MANHATTAN (CN) - A Brooklyn woman pleaded guilty to her role in a fraud ring that embezzled $57 million from a group that helps compensate victims of Nazi persecution.
Zlata Blavatnik, a former clerk for the Conference on Jewish Material Claims against Germany, faces up to 40 years in prison after admitting to her role in the conspiracy that approved nearly 5,000 fraudulent applications in exchange for kickbacks.
The 64-year-old pleaded guilty Tuesday.
Blavatnik and her co-conspirators were accused
of submitting claims to the conference's "hardship fund" with falsified information. That fund, sponsored by the German government, pays eligible applicants $3,500 for fleeing Nazi persecution.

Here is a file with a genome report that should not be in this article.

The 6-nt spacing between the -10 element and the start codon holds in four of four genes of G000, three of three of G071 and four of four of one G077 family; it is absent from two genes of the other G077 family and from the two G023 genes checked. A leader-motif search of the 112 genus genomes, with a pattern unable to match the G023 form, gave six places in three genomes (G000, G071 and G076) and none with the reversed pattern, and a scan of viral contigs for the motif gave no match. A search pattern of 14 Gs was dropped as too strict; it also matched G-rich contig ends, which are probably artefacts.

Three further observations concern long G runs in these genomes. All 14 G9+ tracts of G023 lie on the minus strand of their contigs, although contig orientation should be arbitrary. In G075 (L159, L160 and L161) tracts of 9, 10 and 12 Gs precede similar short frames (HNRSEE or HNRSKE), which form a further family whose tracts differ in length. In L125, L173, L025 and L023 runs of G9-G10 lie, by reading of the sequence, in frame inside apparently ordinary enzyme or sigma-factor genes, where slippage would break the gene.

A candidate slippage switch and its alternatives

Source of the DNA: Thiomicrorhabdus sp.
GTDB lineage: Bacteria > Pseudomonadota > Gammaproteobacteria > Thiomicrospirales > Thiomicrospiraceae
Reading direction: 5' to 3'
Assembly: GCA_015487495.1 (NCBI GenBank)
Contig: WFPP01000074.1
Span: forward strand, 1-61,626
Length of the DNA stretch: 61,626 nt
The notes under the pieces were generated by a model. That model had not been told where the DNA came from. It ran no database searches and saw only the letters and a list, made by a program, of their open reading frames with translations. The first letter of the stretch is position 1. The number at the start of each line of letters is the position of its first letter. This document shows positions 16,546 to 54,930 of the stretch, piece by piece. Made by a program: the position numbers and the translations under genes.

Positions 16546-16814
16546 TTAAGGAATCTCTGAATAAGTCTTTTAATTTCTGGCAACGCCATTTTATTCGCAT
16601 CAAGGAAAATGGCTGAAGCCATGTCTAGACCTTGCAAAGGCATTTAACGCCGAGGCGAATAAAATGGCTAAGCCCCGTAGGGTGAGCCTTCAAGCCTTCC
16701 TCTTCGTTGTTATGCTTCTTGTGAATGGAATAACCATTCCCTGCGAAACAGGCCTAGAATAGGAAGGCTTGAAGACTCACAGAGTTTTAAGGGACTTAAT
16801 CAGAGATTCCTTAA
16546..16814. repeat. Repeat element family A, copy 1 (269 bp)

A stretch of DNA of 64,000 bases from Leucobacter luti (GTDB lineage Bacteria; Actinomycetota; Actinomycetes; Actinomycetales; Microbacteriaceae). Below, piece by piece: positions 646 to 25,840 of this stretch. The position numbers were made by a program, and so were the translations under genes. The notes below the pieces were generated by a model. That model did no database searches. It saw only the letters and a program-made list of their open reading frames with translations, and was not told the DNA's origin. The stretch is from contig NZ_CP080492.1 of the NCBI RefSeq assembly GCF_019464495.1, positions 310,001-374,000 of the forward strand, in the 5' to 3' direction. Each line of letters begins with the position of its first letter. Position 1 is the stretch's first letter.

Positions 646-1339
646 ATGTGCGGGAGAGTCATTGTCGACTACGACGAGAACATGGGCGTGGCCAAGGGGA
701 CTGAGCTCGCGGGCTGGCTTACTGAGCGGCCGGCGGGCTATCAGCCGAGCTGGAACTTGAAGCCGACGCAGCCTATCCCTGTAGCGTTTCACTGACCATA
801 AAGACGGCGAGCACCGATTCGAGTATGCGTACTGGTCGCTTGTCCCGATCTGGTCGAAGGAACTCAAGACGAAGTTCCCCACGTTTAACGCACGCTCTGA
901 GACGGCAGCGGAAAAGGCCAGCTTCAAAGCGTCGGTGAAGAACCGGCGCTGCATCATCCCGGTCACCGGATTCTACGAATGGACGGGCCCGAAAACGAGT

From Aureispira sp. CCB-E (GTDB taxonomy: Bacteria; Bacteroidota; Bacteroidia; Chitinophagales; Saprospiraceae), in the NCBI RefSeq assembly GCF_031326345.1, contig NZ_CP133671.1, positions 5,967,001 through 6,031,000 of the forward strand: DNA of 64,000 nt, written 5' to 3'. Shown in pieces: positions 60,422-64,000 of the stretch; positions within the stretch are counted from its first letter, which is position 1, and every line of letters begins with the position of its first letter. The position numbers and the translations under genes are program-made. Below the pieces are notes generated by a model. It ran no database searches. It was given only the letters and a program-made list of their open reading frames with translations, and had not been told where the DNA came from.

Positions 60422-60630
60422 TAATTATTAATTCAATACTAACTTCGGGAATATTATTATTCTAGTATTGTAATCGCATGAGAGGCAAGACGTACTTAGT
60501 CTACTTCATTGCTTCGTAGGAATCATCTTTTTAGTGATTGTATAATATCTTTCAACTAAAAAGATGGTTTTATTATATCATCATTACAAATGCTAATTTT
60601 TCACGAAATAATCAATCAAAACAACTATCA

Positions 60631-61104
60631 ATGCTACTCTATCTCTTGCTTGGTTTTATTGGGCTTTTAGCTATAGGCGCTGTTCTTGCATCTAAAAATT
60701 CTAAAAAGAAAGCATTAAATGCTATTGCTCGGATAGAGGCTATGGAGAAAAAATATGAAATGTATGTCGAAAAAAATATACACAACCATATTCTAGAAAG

"We have identified numerous applications for payment under the hardship fund in which the applicants' names and social security numbers are valid, but where the dates of birth were doctored to make the applicant appear to be born during or before World War II," FBI Special Agent Carrie Fisher said in her deposition.
The claims conference determined that 3,839 of its hardship fund applications appear fraudulent, causing about $12.3 million in losses for the fund.
Some of the conspirators would recruit members of the Russian Jewish community to obtain identification documents, and then pass these individuals on to a claims conference employee, investigators said.
Blavatnik was arrested
in October 2011 along with Genrikh Kolontyrskiy, Viktor Levin, Ella Voskresenskiy and Henry Gordon.
The Justice Department has charged 31 people in connection to the fraud, which the FBI has been investigating
since December 2009.
Blavatnik, the 12th to plead guilty, will be sentenced on Oct. 25 before U.S. District Judge Thomas Griesa.